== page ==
Barley Mowat 

Archive for August, 2013

A Tale of Two Books

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I’ll be honest, my plan was to review two beer books that would make awesome hammock fodder for this upcoming long weekend, but the weather report just shat a steaming load of crushed dreams all over that idea. So here are two books you could read, um, on your couch I guess. While the rain pours down outside. Seriously, when did summer end, and why did no one tell me?

Book 1: Craft Beer Revolution by Joe Wiebe

Want to know something about Craft Beer in BC as of Summer 2013? Look in this book. Joe’s all encompassing compendium of BC Craft Beer doesn’t miss much of anything. Want a history of the early days of BC Craft Beer? It’s here. Want a rundown of the newest kids on the block? Bam, you’re covered.

However, where Joe’s book falls a bit short is, well, as a book. This is not a cohesive cover-to-cover read. It is a guide to the current state of beer in BC, with a few anecdotes sprinkled through for flavour.

The writing frequently repeats itself, declaring a new tidbit as a novel fact when it was actually discussed just two pages prior. This is to be expected for a book that was, no doubt, based in part off of Joe’s extensive and authoritative writings on BC Craft Beer over the past few years. Read it in short bits for best effect–I’m not saying it’s a bathroom reader, but that might just be the perfect application for it, aside from a reference.

Does any of that mean I don’t like Joe’s book? Nope. I’ll leave futher criticism of Joe’s approach until I have my own damned book on the market to point to (spoiler: I’m not writing one). Instead of pointing out what it isn’t, I should be spending more time pointing out what it is: a complete, up-to-date compendium of everything to do with Awesome Beer in BC, backed 100% by in-depth personal research by Joe himself (aka Joe went to a lot of breweries and drank a lot of beer… well played, Joe).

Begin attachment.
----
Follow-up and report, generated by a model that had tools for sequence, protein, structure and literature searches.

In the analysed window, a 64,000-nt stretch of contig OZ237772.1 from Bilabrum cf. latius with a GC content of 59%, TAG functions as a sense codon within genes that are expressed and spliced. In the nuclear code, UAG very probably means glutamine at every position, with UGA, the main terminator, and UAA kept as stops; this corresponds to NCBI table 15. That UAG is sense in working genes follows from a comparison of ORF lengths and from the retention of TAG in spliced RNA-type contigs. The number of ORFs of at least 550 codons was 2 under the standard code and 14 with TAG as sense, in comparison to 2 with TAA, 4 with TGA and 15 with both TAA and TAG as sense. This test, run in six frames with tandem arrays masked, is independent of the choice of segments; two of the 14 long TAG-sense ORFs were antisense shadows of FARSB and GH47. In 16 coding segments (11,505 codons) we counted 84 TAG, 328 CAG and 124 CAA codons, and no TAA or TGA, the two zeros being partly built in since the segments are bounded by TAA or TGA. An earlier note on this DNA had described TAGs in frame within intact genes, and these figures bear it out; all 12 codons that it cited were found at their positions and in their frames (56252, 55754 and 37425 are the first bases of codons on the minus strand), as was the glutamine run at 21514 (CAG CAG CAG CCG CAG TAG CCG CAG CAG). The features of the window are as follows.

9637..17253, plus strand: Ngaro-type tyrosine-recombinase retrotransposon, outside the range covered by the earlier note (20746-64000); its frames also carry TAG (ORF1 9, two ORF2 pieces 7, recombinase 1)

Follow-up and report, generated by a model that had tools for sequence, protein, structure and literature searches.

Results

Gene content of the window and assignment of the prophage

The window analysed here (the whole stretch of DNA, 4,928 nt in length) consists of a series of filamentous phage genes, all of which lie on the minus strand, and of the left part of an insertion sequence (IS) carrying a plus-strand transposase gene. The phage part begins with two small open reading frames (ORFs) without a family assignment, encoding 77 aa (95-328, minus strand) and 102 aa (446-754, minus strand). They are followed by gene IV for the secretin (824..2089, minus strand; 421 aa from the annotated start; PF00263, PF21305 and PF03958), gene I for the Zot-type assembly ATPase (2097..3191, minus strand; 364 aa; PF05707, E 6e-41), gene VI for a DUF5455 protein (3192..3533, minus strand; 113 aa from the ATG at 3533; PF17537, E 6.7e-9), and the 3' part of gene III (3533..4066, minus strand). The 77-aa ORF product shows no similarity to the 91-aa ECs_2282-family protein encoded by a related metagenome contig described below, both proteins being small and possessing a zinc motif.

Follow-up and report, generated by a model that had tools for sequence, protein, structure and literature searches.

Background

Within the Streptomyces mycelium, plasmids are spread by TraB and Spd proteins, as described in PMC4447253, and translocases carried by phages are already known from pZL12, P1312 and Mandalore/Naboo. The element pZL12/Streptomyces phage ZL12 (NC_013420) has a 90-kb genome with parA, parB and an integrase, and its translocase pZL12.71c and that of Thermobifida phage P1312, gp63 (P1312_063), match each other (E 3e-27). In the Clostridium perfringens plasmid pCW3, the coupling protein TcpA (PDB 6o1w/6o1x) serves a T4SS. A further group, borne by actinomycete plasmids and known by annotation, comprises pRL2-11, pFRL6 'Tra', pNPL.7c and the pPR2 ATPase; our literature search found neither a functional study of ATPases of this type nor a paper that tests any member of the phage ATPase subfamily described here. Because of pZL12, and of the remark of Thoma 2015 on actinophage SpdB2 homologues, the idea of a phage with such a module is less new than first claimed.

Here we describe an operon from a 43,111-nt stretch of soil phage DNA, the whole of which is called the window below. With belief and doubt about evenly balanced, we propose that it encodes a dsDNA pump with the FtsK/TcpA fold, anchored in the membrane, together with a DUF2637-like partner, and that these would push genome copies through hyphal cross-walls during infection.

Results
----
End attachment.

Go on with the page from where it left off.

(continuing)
For a person just getting into local beer, or even someone with a bit more experience, this would be an invaluable resource. Even a huge beer snob like myself found some tidbits I didn’t know. I expect that many copies of this book will wind up under trees come December.

In short, is it worth a damn? Yes.


Also, the cover is cool, which is the most important part of a book.

Buy it now: Amazon $14.40 ($9.99 Kindle), iBooks: n/a, Chapters: $14.40 (n/a for Kobo)

Book 2: The Audacity of Hops by Tom Acitelli

The Audacity of Hops is everything that Joe’s Craft Beer Revolution is not. CBR is about BC, AoH is about the USA (BC gets about 1/2 a page). CBR is a guide to the current state of beer with some history for context, AoH is about the history of the craft beer movement with some current state of affairs for filler. CBR is fairly well written and easy to digest. Oh snap!

The Audacity of Hops attempts to string a narrative through the sprawling history and origins of Craft Beer in the United States. This history fits well when the book is talking about the start of the movement in 1960’s California, but author Tom Acitelli’s desire to present a cohesive, linear view of a history that is–in reality–fragmented, regional and random just doesn’t work, especially in later chapters as the breweries begin to pop up faster than you can keep track of.

Add onto that mix his use of prose that left me reaching for a thesaurus on many occasions and we wind up with a book that spends most of its 416 pages feeling just a little bit out of reach–as if you’re being lectured to–and don’t we all love that feeling.

As a narrative it fails, but as an extensively researched broad overview of just about every important brewery in the United States it succeeds. Fritz Maytag, Steve Hindy, Garrett Oliver, Sam Calagione: they’re all here, complete with backstory and a brief glimpse into what makes them tick. Not an in-depth profile, mind you, as there’s just too many to go that deep–a bit of backstory, maybe an interview snippet, and we’re off to the next famous brewery down the line, and boy there are a lot of them.

In short, is it worth a damn? Yes.


Where did they get a picture of my living room?

Buy it now: Amazon: $15.85 ($9.02 Kindle), iBooks: $15.99,Chapters/Indigo: $15.85 ($12.95 Kobo)

Written by chuck

August 28th, 2013 at 3:20 pm

Posted in Beer and You

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August Beer of the Month